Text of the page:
"You" can be a worrisome word. A weighty one. By its very definition — "the one or ones being addressed" — it is up for interpretation, and when it's used in a song, things get even more muddy. Does "you" refer to the listener or the public at large? Does it take the place of the subject of the lyric, someone who has wronged, inspired, doubted, betrayed the writer? Or does "you" even have to be a person? Couldn't someone "want" or "love" a refreshing beverage or an old car or, you know, drugs?
Shoot, now that we're on the subject, maybe we're never supposed to figure out who or what "you" is referring to (the classic example, of course, being Carly Simon's "You're So Vain," which is apparently about Warren Beatty ... or David Geffen ... or David Bowie, depending on whom you ask).
I only bring this up because in [article id="1664455"]Paramore's brand-new song "Monster,"[/article] which premiered Friday on the band's official site, Hayley Williams uses the Y-word a lot. And given everything that has lead up to the song's debut — a string of drama that included the departure of founding member (and Williams' old flame) [article id="1654588"]Josh Farro[/article], a rather nasty [article id="1654829"]"exit statement,"[/article] a [article id="1655535"]tell-all interview[/article] with MTV News and the band's steadfast determination to [article id="1655546"]continue onward[/article] — it's rather impossible not to wonder who she's referring to ... especially given the existence of kiss-offs like "You were my conscience, so solid/ Now you're like water, and we started drowning/ Not like we'd sink any further" and "Now that you're gone/ The world is ours."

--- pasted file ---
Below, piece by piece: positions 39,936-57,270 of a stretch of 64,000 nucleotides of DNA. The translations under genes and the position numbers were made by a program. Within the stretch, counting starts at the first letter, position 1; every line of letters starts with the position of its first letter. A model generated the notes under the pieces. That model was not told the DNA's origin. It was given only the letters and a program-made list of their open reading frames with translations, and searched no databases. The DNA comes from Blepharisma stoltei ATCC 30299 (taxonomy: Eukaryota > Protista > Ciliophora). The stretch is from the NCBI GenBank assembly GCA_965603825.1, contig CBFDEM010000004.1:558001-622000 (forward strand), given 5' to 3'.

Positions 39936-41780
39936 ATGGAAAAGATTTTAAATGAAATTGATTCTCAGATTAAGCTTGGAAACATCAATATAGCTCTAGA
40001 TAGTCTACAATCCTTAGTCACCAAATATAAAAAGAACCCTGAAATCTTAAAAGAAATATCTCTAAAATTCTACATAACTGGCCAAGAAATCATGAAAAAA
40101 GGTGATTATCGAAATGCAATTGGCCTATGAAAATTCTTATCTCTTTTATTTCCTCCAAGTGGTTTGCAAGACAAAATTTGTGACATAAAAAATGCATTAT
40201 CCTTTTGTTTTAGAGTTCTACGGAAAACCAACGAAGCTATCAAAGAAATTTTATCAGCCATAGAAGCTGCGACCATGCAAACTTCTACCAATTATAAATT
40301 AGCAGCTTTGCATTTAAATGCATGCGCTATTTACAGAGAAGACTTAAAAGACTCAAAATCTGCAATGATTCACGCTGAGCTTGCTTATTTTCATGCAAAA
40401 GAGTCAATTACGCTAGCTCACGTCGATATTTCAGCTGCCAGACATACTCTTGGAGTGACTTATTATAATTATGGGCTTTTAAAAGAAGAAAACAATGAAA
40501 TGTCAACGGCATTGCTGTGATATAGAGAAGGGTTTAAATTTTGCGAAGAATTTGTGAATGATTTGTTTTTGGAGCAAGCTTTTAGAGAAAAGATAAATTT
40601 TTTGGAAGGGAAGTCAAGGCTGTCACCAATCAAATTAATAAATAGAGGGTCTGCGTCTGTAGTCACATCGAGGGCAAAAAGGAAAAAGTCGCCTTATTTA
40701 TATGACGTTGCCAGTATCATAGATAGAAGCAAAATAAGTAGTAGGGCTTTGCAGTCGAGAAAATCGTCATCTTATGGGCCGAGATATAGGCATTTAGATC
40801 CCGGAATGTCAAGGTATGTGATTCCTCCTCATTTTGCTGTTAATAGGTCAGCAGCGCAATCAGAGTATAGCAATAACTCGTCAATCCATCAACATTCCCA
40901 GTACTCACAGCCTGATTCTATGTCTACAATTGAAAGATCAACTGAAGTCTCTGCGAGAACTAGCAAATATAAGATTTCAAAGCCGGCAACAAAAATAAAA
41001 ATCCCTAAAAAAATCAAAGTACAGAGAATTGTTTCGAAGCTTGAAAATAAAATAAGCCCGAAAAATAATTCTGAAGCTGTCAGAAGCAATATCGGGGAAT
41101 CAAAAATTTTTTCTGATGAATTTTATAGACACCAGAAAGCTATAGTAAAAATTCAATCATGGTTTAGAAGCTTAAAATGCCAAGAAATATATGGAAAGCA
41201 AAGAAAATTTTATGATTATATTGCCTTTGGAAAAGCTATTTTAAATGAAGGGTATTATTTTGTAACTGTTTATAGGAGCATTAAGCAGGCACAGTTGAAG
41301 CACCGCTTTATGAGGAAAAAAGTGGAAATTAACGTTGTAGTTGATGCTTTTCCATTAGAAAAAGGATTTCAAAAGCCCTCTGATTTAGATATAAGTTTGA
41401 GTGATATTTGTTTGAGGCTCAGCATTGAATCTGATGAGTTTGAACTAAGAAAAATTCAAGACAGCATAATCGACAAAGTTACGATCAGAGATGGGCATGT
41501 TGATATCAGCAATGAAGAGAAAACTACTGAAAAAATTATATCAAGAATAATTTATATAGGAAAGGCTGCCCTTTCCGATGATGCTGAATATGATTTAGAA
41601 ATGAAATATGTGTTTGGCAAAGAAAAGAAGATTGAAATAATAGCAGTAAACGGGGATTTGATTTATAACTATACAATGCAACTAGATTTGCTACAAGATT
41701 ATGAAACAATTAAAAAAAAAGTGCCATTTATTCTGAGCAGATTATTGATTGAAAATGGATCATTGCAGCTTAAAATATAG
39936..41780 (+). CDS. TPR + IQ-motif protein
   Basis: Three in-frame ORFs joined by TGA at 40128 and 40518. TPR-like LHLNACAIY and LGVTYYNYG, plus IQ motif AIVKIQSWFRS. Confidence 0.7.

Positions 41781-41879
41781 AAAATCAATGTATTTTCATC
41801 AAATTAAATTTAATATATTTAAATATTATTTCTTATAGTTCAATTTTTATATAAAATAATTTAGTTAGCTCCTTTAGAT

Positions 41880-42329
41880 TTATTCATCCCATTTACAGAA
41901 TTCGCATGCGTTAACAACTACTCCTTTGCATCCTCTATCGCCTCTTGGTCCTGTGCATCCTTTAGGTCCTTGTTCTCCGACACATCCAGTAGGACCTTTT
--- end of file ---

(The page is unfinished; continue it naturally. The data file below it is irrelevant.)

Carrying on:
So, is Williams singing about Josh Farro? It's difficult to think otherwise ... then again, perhaps, like Simon, she'll never let us know. Because, really, the subject of the song isn't as important as its very existence, a statement any Paramore fan will certainly agree with. "Monster" officially kicks off the next chapter in the band's story and does so roaringly, with spindly, chiming guitars (which recall one of Williams' favorite bands, mewithoutYou), crushing chords, a massive chorus and a stalking backbeat. Based on the song, it seems like new Paramore will be very much like old Paramore, seemingly minus the drama that drained them for years. Even if we don't know who Williams' "you" is, it's good to have her — and the band — back.